On the other side of the Chianti countryside from Florence is Siena, a Tuscan town rife with tradition and mood.
Siena is best known as the site of the Palio. This twice-yearly, bareback horserace is held in the central Piazza del Campo, the heart of this UNESCO city.
The Palio is a race that can be traced as far back as the early 13th century. It pits a rotating roster of 10 of the city’s 17 contrade (neighborhoods) against one another. Run on July 2 and August 16, the Palio is Siena’s most famous local event and one of the most popular events in Tuscany. The event today draws scads of spectators from all over Italy and abroad.
Beyond the pageantry of the Palio, Siena is a glorious city for pedestrians. The compact city center is car-free and quiet enough to hear the cobblestones resonate underfoot.
What to Do in Siena
In addition to the Palio, Siena’s cityscape awes, with art and architecture around every bend.
The tight warren of shadowy streets empties into Piazza del Campo, one of the finest medieval squares in Europe. Divided into nine sectors—a nod to the Council of Nine—the shell-shaped piazza is the city’s main meeting point. It is surrounded by numerous restaurants and outdoor cafes, almost all of which have tourist trap prices.
At the base of the shell lies the Palazzo Pubblico. Built in the late 13th/early 14th centuries, the “palace of the people” houses two masterpieces by native son Simone Martini. Another artistic attraction here is an amusing fresco series depicting “good and bad government.”
Next door to the Palazzo Pubblico rises the Torre del Mangia, one of the tallest bell towers in Italy. Climb the 505 steps to the top and enjoy the views of rooftops and the Campagna Senese (Sienese countryside).
Also within view from the tower is Siena’s spectacular Duomo, a massive, black-and-white striped cathedral renowned for its interior pavements. The pavements, featuring sybils, angels, saints, and biblical scenes, are usually unveiled in their entirety in September. However, a small portion of the 56 floor panels is visible to viewers on a rotating basis throughout the year.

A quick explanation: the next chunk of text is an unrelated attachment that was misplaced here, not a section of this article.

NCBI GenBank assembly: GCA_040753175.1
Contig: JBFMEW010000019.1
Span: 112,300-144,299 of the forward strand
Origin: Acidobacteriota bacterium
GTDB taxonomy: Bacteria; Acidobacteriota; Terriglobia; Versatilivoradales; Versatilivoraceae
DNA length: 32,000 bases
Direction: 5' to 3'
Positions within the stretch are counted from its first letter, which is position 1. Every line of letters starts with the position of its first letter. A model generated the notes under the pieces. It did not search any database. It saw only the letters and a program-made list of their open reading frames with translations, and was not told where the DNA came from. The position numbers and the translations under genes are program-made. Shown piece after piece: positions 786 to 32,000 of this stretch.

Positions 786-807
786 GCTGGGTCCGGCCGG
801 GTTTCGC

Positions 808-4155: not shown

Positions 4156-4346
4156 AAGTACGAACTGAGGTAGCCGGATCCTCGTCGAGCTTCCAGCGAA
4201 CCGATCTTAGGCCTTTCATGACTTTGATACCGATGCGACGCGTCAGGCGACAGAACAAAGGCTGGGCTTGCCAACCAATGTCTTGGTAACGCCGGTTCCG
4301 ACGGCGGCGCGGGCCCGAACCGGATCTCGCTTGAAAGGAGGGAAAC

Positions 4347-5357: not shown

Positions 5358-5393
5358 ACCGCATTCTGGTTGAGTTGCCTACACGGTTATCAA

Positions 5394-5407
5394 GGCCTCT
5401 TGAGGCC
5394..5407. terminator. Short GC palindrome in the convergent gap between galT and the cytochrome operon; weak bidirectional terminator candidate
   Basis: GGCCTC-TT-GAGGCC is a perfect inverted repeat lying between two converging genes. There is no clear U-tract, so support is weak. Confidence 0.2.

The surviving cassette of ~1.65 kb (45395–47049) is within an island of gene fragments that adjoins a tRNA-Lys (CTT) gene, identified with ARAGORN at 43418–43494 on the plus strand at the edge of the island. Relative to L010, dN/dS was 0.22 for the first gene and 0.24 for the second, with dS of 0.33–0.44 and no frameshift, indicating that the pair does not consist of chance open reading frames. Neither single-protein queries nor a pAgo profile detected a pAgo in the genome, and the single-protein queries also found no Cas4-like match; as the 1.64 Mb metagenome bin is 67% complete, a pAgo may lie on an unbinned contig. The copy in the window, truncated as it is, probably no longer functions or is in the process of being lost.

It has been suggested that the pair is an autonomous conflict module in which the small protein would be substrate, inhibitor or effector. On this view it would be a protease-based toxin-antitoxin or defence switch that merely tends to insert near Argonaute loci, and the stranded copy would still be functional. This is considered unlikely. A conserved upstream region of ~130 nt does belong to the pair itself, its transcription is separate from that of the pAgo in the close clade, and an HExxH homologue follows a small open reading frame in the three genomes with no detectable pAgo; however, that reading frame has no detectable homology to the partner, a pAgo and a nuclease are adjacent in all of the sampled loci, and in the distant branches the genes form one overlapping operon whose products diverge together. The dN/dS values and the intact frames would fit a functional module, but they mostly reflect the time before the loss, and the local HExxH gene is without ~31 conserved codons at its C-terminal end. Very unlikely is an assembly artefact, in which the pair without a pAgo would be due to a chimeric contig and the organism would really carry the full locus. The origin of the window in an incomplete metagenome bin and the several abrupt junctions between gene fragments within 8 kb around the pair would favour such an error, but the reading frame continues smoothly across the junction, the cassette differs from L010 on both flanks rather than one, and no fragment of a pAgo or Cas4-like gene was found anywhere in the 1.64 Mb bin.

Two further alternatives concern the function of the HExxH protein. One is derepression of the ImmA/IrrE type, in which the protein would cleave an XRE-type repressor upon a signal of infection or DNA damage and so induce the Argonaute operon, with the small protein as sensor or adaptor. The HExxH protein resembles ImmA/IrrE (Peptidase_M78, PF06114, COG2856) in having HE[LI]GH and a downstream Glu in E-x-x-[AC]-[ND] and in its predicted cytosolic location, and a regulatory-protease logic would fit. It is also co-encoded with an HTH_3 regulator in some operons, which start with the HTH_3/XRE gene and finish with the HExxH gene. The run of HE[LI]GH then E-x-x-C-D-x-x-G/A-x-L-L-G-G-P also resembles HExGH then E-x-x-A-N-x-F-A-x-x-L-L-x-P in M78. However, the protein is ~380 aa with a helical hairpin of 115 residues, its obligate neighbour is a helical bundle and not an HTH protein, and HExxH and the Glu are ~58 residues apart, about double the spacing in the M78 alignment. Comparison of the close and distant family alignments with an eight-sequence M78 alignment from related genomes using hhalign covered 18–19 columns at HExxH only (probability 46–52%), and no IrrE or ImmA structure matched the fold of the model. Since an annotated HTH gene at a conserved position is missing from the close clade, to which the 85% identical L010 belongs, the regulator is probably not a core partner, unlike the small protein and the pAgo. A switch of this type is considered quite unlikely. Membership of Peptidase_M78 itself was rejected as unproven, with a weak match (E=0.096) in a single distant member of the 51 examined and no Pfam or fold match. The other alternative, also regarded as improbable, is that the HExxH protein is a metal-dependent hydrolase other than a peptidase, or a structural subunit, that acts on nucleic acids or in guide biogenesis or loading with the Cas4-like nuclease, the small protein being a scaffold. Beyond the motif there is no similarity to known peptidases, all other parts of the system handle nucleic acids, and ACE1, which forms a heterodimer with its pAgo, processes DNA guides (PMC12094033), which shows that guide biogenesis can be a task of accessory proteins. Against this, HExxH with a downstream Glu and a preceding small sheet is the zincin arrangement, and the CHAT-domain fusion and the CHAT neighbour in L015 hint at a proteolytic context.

Siena is the birthplace of Saint Catherine, the co-patron saint of Italy (in tandem with Saint Francis). Visit the Basilica of San Domenico and the Shrine of Santa Caterina to see where the saint lived and worshipped. (Note: Her tomb is located in Rome in the church of Santa Maria Sopra Minerva.)
If you want to learn more about each district, pay a visit to one—or several—of Siena’s 17 Contrada museums. On proud display are banners, relics, and costumes from Palio contests of yore.
Best Tours in and Around Siena
Siena is not only a great city to visit on its own. But it is also a good base for exploring southern Tuscany.
The province of Siena includes many notable towns. Four of Tuscany’s seven UNESCO sites are in Siena’s province, including the historic centers of Siena, Pienza, and San Gimignano. The landscape of the Val d’Orcia is also recognized as a UNESCO World Heritage Site.
- Tuscany Day Trip From Florence With Chianti, Siena and San Gimignano
- Val d’Orcia Small Group Tour from Siena
Siena and its province also provide many opportunities for visits to vineyards and olive groves. Look for these in Montalcino, Montepulciano, and in the towns of the Chianti sub-region, including Castellina in Chianti.
- Brunello Full-Day Tour
- Medieval Castles & Chianti Wine Tasting Tour with Lunch
- Chianti Bike Tour with Wine Tasting
Where to Stay in Siena
There are tons of agriturismo (farm stay) inns and self-catering options on the outskirts of Siena. These are ideal places to stay if you’re touring Tuscany by car.
Retreat to the well-appointed Hotel Santa Caterina, which is set just outside the Porta Romana. Or, stay in Villa Scacciapensieri, where you can “forget your troubles” while soaking in views of Siena and the countryside.
If you want to stay in town, consider Hotel Duomo because its upper floors offer rooftop views.
The closest international airport to Siena is Pisa’s Galileo Galilei Airport. You can take a train from Pisa airport to Pisa Centrale. Then, then you can take a regional train from Pisa to Siena. The one-way trip will take about 1.5-2 hours.
Many people go to Siena from Florence, either as a day trip or part of a larger Tuscany circuit. Regional trains from Florence to Siena also take about 1.5-2 hours.
Getting to Siena by car is easy and quite scenic if you take local roads. The SS-222 from Florence to Siena takes you past the olive groves and vineyards of Chianti. You can access the SS-222 via the A1 autostrada, which is a direct route from Rome to Florence. Siena is about halfway between the two cities.